Skip to content

Nigeria: My Experience with Agent Banking

Here is my experience so far with agent banking, and my thoughts on it being here to stay

This is the first post I am making on “My Experience”. The inspiration for this is to share my experience, thoughts, and knowledge on finance and financial technology globally, in Africa, and in Nigeria. Experiences are not the same for everyone, which is why I came up with that as a title for the opinion posts that will follow. The goal is to help you see what I see, compare your experience to mine, and learn about as well as predict national financial markets, regional concerns and the global economy.

Agent banking. Familiar with the term? Or perhaps you are more familiar with names like Paga and MoMo in Nigeria. Those are agent banks.

In a proper definition, agent banking is the provision of limited banking and financial services to people, often underserved populations, through engaged agents under a valid agency agreement. These agents, who typically are small businesses with an outlet/physical brick and mortar building, conduct banking and financial services transactions on behalf of a bank.

We reported that First Bank of Nigeria has about 80,000 agents in 772 out of 774 local government areas in Nigeria. For a non-bank entity, TeamApt revealed on January 8 that it grew its agent network to 50,000 agents, present in every Nigerian state. There are other banks and non-bank entities that also run agent networks. The popular Paga comes to mind, and more recently, OPay.

A man standing in front of a Paga shop. Image source: Paga

My experience with agent banks started last year, and it was because of the coronavirus pandemic. Prior to that, I always preferred walking to ATMs to withdraw money, and relied on mobile apps for the rest of my financial needs as a digital native. Honestly, I would prefer paying for goods and services wherever with my mobile phone and/or credit or debit card, but Nigeria is not there yet.

In retrospect, I should have moved to agent banks earlier, but I was schooling and there was the absence of agent banks on campus. For my service year, a bank building was about a 5 minutes’ walk from where I lived, so there was no need for an agent bank. At my primary home though, I still preferred to go to banks to withdraw, in spite of the significant distance hurdle.

The coronavirus pandemic however changed all that, as I could not bear with the queues anymore (always hated them anyway), and simply just switched to agent banks close to me. It turns out that I am not alone in that. Data from Shared Agent Network Expansion Facilities (SANEF), an organization set up by the Central Bank of Nigeria to accelerate financial inclusion, show that agents transactions surged by 859% during the first national lockdown in March/April 2020.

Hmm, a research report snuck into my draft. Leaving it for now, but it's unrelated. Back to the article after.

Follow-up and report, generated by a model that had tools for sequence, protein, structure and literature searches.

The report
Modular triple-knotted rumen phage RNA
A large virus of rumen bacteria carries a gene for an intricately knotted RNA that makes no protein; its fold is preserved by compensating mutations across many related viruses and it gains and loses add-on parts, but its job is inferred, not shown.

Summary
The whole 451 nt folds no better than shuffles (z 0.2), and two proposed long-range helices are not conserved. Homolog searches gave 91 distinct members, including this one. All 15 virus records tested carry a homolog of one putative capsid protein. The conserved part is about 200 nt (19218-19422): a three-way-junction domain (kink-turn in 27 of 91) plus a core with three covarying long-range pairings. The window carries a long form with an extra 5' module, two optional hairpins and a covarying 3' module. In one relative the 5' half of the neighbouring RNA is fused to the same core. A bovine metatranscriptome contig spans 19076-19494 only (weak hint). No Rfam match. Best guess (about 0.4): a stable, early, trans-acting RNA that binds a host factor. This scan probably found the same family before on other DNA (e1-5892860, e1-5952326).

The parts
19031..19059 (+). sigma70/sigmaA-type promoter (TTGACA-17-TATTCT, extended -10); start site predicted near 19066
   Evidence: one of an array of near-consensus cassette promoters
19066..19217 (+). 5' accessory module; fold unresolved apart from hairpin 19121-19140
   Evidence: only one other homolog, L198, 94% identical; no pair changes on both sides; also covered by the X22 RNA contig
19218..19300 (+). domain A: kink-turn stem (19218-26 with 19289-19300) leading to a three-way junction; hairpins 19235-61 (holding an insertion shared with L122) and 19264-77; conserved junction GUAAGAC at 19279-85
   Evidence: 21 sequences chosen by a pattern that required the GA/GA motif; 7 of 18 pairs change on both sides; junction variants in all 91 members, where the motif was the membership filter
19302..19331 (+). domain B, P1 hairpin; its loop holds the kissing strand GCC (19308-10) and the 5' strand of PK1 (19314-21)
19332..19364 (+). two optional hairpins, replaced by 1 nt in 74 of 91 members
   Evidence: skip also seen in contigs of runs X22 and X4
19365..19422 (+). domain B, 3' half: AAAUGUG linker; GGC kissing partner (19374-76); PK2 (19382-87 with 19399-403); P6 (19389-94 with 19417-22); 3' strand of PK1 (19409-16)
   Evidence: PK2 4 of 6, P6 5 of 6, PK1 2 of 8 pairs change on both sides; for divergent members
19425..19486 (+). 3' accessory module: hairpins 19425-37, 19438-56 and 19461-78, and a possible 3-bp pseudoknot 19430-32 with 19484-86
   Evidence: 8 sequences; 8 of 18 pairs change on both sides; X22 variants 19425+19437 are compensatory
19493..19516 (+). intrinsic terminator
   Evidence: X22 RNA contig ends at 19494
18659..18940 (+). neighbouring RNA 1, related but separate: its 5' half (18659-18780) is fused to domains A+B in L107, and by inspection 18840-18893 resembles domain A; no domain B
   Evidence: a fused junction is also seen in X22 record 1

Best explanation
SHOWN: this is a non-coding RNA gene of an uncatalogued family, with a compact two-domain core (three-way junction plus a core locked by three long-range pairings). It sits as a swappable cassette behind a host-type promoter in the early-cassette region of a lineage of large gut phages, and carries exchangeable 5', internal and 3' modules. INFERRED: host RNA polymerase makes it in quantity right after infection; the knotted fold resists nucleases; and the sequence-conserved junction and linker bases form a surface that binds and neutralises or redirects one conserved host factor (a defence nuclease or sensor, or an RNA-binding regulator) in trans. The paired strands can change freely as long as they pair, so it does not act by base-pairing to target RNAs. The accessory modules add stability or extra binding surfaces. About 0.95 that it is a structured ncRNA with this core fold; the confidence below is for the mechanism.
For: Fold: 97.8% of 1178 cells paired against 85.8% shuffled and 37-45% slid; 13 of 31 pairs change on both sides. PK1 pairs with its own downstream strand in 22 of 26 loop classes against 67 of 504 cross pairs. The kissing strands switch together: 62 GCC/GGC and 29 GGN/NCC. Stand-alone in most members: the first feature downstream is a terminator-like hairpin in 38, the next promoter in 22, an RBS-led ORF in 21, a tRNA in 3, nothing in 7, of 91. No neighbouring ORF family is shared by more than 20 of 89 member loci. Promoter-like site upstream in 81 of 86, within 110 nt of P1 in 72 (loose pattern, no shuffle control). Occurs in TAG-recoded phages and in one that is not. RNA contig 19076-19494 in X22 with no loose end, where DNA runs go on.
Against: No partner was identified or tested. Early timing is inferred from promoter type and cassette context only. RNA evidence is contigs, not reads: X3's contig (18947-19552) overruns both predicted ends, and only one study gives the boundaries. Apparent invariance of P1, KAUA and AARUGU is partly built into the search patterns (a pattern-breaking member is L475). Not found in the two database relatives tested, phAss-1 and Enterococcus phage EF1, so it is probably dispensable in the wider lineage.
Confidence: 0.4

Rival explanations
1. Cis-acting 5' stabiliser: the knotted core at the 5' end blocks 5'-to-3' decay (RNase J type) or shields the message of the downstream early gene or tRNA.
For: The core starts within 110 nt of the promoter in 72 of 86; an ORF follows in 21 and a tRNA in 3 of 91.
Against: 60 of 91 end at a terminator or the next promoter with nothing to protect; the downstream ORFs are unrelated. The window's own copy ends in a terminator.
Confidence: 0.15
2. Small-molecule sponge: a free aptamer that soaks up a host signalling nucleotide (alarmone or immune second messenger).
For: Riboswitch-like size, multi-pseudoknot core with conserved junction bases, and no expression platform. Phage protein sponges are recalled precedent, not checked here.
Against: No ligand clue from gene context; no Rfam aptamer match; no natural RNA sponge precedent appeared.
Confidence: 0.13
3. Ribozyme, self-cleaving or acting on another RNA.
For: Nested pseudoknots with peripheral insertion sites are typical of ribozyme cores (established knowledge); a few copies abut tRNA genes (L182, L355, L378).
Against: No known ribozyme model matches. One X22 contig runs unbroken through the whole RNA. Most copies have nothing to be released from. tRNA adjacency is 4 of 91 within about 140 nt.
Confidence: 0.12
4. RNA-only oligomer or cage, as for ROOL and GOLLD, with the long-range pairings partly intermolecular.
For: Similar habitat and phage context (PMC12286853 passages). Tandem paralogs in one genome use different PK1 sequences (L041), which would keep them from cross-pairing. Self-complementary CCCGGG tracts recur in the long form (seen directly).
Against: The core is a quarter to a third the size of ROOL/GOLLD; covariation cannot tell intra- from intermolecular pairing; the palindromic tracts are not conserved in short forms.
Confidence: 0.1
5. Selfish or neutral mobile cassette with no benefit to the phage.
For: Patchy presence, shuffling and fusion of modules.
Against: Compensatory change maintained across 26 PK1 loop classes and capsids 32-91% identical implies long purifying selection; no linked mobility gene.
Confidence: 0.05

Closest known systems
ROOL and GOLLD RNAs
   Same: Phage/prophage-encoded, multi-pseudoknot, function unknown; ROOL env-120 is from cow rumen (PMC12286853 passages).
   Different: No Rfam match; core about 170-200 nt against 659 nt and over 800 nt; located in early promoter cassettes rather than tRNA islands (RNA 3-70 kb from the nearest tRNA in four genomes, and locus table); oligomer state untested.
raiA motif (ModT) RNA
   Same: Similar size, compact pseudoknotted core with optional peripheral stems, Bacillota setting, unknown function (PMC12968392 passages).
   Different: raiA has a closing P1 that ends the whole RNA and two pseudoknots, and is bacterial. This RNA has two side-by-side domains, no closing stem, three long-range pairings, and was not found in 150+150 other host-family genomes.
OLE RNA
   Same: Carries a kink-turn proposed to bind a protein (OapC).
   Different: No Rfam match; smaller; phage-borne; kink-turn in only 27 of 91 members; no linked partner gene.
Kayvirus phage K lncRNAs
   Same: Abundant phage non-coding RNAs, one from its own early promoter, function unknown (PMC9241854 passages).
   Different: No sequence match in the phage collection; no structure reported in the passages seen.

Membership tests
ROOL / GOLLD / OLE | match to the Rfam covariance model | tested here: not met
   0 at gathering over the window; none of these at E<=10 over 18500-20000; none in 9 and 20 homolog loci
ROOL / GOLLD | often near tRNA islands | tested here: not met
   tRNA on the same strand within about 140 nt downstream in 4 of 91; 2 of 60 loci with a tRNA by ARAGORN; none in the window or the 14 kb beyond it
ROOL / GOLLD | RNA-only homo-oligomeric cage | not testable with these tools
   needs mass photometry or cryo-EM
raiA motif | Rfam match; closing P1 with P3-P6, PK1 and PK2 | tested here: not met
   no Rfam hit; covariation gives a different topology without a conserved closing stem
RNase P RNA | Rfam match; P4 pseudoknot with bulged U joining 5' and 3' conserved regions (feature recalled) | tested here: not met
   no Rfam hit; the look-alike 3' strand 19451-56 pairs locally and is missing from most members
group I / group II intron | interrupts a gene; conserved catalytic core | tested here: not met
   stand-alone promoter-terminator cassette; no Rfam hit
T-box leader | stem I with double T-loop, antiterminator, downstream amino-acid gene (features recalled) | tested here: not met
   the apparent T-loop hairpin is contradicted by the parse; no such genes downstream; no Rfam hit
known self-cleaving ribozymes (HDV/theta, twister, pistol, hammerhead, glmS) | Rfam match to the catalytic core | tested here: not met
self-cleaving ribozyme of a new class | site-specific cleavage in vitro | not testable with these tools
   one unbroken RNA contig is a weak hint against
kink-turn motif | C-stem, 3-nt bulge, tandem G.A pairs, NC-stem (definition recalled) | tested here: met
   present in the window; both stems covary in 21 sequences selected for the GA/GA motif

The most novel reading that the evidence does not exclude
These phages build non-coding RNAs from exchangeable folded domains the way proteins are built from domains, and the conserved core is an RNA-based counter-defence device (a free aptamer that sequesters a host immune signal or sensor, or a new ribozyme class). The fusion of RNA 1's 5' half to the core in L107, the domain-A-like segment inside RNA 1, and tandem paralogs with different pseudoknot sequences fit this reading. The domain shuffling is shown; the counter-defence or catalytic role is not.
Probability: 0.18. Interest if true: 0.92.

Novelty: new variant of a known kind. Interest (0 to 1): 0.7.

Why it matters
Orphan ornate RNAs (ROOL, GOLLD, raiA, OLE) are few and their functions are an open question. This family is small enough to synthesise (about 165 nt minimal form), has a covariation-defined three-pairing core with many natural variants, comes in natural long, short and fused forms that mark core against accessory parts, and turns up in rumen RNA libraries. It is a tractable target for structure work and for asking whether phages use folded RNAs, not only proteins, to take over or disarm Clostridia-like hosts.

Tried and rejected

The World Health Organization in early March 2020 announced that bank notes may be able to carry and spread the (corona) virus. The organization also urged social distancing. For me, it was the latter that forced a lifestyle change in the way I withdrew cash. There are quite the number of agents around me, and two very close to me. It made sense then, to walk to these agents to withdraw cash (the only transaction I conduct with agents).

These agents usually have very little to inexistent queues, and are typically fast.

Projecting my experience, do I think agent banking is here to stay and will be widely adopted?

I do think so, and I think it already is widely accepted.

Data from EFInA for the year 2018 show that there are 99.6 million adults in Nigeria. 39.5 million adults are banked, equating 39.7% of total adults. The unbanked population have as the biggest obstacles to having a bank account, affordability and institutional exclusion. To be more clear, their biggest obstacles to not having a bank account are because of irregular income and because banks are too far.

There are only 4.3 branches per 100,000 people in Nigeria, compared to a global average of 11.7 branches per 100,000 people globally. This, and the issue with affordability and institutional exclusion, makes agent banking too important for Nigerians, both banked and unbanked. Agent banks bring the unbanked into the formal financial service industry, and provide ease, speed, and convenience for the banked, like in my case.

However, in the longer term, I think cashless will be the norm, supported by agent banking and banks physical branches. With the next generation being naturals in things digital, and this current young generation being digital natives themselves, at least in major cities, it seems to be just a matter of when rather than if.

Update: I did a podcast about agent banking with Tochukwu Egesi, founder and CEO at Inclusion Times. Listen to the podcast here:

Nigeria in focus:

Population: 200.9 million (2019)

GDP: $448.12 billion (2019)

GDP Per Capita: $2,229 (2019)